The FCM proposal - - that I have produced with Stefan Schulz favours a style much closer to Java than BGGA. And we are even considering whether to remove 'method types' (function types) from the next revision. I, like Josh, find them to be a very complex addition to Java, and not well fitted to it's style.

Finally, I would say that 'going all the way' is not necessarily the right solution for Java. As developers, we have a natural tendency to over-analyse and over-engineer. We really need to ask ourselves why Java needs function types, and why it needs non-local returns. My opinion is that these features would probably be no-brainers for a \*new\* language, but they will be horribly disruptive for the Java language, style and ethos of \*today\*.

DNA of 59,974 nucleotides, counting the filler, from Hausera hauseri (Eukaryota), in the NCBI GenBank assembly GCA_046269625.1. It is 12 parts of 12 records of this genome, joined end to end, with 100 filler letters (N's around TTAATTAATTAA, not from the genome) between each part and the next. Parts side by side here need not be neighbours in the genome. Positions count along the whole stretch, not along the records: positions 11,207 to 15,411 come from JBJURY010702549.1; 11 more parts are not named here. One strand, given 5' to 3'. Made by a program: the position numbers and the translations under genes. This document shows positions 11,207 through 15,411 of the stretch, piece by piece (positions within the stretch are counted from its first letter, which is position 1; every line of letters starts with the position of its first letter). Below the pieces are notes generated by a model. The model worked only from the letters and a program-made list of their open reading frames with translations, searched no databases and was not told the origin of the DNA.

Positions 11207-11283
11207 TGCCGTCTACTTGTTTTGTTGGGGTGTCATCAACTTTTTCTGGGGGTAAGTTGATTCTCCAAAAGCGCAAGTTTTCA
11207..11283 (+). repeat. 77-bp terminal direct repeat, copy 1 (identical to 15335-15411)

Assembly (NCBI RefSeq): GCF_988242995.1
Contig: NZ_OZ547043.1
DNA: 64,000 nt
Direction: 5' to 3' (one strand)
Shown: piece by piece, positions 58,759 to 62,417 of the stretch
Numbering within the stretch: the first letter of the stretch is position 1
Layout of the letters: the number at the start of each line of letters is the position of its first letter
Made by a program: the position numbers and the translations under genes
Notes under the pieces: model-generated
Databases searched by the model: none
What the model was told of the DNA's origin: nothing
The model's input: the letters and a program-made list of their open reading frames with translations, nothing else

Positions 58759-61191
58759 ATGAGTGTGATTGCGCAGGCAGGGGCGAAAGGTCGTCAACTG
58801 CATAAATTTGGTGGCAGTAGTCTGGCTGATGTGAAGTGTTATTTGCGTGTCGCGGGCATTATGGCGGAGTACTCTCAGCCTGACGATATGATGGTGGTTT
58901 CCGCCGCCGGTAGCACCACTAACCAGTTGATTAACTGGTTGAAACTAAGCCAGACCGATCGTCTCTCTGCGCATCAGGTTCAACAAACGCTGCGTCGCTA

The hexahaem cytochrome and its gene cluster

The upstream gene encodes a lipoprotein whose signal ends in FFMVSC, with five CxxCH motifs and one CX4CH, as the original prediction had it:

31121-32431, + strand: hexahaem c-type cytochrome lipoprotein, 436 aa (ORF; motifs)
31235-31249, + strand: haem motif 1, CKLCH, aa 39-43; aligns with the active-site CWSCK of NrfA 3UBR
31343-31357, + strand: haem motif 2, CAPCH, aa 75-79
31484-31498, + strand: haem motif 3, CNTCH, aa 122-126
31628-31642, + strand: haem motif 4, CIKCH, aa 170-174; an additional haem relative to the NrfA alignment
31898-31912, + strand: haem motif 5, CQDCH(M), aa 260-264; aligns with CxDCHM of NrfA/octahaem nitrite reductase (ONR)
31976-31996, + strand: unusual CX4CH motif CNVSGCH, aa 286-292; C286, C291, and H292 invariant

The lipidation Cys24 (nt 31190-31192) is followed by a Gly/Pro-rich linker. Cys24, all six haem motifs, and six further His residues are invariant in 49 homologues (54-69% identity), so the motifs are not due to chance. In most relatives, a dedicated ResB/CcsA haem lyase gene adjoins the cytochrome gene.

Posted by Stephen Colebourne on January 31, 2008 at 09:03 PM PST #

I am one of those who dropped Java and went forward to C/C++. Yes, I mean \*forward\*. I have had it with Java. A decade of waiting that things are finished. A decade of half-arsed APIs, never finished, never bug-fixed, never cleaned up.

And what do you Java fruitcakes do instead of finishing all the unfinished junk you have in Java? You throw in more junk. You rammed generics up our arses, without lube. Now you try the same with closures. Sorry, I have real work to do and my arse is no longer available for your entertainment.

Posted by Marek on January 31, 2008 at 10:35 PM PST #

Great! I didn't understand the people that seem to be intent on setting Java in stone and leaving it as some kind of lame duck. All the while going on about their new favorite language which has full support of closures.

I also like the type inferencing compared to .NET's model where you always have to define a type for your delegate.

Posted by Chris on January 31, 2008 at 10:56 PM PST #